So that’s it for today. I know…you are thinking…that’s it???? This is like 20 pages long! Ha! If you’ve been here since the beginning, you know that about me. And if you haven’t, you’ll learn that about me! :O)

So I hope this helps you to start to see the color casts in your images and gives you a starting point in HOW to see them and how to start correcting them. As with anything in PS, there are a million and one ways to do everything. So these are just two ways. And always…practice over and over and over until you get more comfortable with it. And I’ll say one last thing…WB and colors are subjective. What one person likes, another may not. I tend to prefer warmer shots & skin tones. A correct WB isn’t always the best WB. You have to discover what you like and edit to that goal! :O) Photography and editing is ALL personal preference!

If you have any questions, please feel free to ask. I will do my best to answer your questions and if I don’t know the answer…I NEED to. So I’ll do my best to find the answer…for both of us! :O)
HAPPY color correcting!

10 comments:

Melissa July 15, 2009 at 4:56 AM  

Great tut Crystal!! You are so sweet for sharing all that you know. It's helped me so much. Thanks :)

Kelly July 15, 2009 at 5:32 AM  

Awesome Crystal. :) Had to leave you some blog luv!

Alysha July 15, 2009 at 3:07 PM  

love it! I'll definitely be trying this out :) THANKS

Anonymous July 15, 2009 at 4:35 PM  

this is really helpful! thank you. :)

sally

liDa August 30, 2009 at 12:42 PM  

hey Crystal! Many MANY THANKS for sharing this. Awesome technique to have my cast problems fade away. At least for a moment, until I find out there is still a great ocean of tricks awaiting to be learnt!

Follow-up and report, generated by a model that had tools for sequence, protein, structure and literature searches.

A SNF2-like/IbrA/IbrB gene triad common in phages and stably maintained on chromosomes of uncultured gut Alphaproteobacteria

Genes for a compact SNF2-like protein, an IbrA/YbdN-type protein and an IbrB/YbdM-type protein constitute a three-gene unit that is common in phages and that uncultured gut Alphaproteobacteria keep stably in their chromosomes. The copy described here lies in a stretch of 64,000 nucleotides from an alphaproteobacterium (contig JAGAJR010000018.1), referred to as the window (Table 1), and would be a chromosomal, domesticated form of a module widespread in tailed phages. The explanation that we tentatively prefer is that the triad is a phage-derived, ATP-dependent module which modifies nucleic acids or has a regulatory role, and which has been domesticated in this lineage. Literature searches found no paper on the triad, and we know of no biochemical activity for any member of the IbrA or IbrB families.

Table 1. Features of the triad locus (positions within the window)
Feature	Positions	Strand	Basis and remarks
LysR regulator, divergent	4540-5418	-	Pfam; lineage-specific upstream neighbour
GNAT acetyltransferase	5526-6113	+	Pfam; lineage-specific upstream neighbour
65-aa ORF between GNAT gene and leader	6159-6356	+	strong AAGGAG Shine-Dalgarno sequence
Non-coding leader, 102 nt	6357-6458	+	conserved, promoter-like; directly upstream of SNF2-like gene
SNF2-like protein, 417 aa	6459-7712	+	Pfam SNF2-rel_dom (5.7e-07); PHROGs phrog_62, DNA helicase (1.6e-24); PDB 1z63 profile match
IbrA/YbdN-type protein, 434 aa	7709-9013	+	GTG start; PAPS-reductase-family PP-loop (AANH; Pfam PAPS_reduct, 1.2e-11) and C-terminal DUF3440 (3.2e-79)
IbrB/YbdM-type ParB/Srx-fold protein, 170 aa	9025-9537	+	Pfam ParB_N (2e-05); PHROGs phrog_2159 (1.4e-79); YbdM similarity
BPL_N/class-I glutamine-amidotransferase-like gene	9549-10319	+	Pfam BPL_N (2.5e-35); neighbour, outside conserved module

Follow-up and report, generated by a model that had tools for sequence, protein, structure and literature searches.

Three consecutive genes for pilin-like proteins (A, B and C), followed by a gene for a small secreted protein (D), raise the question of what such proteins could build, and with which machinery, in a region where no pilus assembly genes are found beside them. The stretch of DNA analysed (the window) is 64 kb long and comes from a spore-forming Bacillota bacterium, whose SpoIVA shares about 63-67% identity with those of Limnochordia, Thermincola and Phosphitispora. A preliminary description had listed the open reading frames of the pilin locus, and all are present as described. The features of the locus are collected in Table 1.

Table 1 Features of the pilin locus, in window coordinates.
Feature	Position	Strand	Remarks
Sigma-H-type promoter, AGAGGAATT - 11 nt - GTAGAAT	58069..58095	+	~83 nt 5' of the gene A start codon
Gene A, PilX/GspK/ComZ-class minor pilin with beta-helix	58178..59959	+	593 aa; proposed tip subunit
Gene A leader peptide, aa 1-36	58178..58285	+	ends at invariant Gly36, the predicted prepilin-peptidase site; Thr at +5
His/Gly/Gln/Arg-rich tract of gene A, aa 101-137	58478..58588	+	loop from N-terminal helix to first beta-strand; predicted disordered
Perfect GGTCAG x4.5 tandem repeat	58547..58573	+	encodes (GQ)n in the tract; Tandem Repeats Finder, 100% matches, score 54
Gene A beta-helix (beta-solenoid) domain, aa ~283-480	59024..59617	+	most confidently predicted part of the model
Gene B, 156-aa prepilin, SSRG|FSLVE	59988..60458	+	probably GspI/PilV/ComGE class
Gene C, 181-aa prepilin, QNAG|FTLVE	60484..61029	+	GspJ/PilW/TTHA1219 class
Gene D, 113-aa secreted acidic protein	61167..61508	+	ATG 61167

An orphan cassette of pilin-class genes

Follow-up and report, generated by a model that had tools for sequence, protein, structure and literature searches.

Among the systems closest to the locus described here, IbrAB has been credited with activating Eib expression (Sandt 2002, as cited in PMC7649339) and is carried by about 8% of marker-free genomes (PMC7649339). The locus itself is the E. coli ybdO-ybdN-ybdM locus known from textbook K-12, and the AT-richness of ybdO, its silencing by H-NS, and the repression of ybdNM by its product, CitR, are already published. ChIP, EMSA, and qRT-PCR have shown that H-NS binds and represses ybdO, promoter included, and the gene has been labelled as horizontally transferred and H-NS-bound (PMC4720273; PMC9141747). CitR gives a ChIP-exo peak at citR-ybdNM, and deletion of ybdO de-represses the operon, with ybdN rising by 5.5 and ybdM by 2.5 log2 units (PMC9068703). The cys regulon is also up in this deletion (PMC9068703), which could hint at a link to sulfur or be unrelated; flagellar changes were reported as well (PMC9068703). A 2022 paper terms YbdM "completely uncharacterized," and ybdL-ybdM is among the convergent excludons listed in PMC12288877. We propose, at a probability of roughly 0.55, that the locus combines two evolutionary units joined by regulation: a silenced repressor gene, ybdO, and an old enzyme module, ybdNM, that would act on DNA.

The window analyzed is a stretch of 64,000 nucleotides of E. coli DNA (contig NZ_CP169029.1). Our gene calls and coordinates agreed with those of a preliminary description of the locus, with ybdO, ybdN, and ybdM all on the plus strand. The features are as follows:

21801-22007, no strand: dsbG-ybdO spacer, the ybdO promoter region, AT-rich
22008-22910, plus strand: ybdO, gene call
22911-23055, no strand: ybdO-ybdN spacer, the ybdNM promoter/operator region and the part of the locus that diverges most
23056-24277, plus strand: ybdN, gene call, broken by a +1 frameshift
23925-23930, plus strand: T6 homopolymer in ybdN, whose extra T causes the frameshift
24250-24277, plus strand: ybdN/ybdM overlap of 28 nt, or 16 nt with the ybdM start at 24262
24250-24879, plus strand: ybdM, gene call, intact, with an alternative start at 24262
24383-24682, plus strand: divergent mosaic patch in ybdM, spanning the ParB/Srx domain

Will come back for sure.

guimma December 29, 2009 at 1:57 AM  

thank you so much for share it !! But there´s one think you didin´t say "start whith a GREAT SOOC!" Cause your photos are amazing !

momaziggy December 29, 2009 at 9:09 AM  

Thank you Guima but only the dirt bike shots from this post are mine. The others are from my dear friend and fellow photog Amanda Ward! :O) I'll pass on the kind words!

guimma December 31, 2009 at 8:51 PM  

Sorry didin´t see that it was not your photos. All because I´m really not speak/read english. I´m from Brasil - South Ameica. But I´m studding a lot your tutorials !!

Clara Margaret December 14, 2012 at 9:09 PM  

Awesome Color Cast Correction work

momaziggy December 14, 2012 at 9:21 PM  

Thank you Clara!

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About my PS Blog

Hi, my name is Crystal and I am addicted to Photoshop. I have PSCS4 and it's my other half. I love photography, but sometimes I think it's a means to edit!

So I thought it would be fun to have a place to post the free action sets I record, tips and tricks that I learn in PS and tuts for various different types of photo editing.

I hope you enjoy and find my PS blog helpful and if you have any questions, leave me a comment with your questions and your email address and I will get back to you!

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I am a stay at home to 2 great girls. My older daughter Haylee just started middle school and my younger daughter Avyree is in 1st grade! I have been married 11 years to my hubs Eric. I got my first DSLR June 31, 2008 and have been hooked ever since! My style is primarily Lifestyle! I like to take a natural and real life approach to my images! I want them to remind me of WHO my girls were when they were little, not just what they looked like. I love to edit and my editing style is always evolving and changing! I like variety and photography is a means to edit! I shoot Canon (full frame) and almost only primes. I pull out my wide angle zoom from time to time! Thanks for stopping by and I hope you like our story...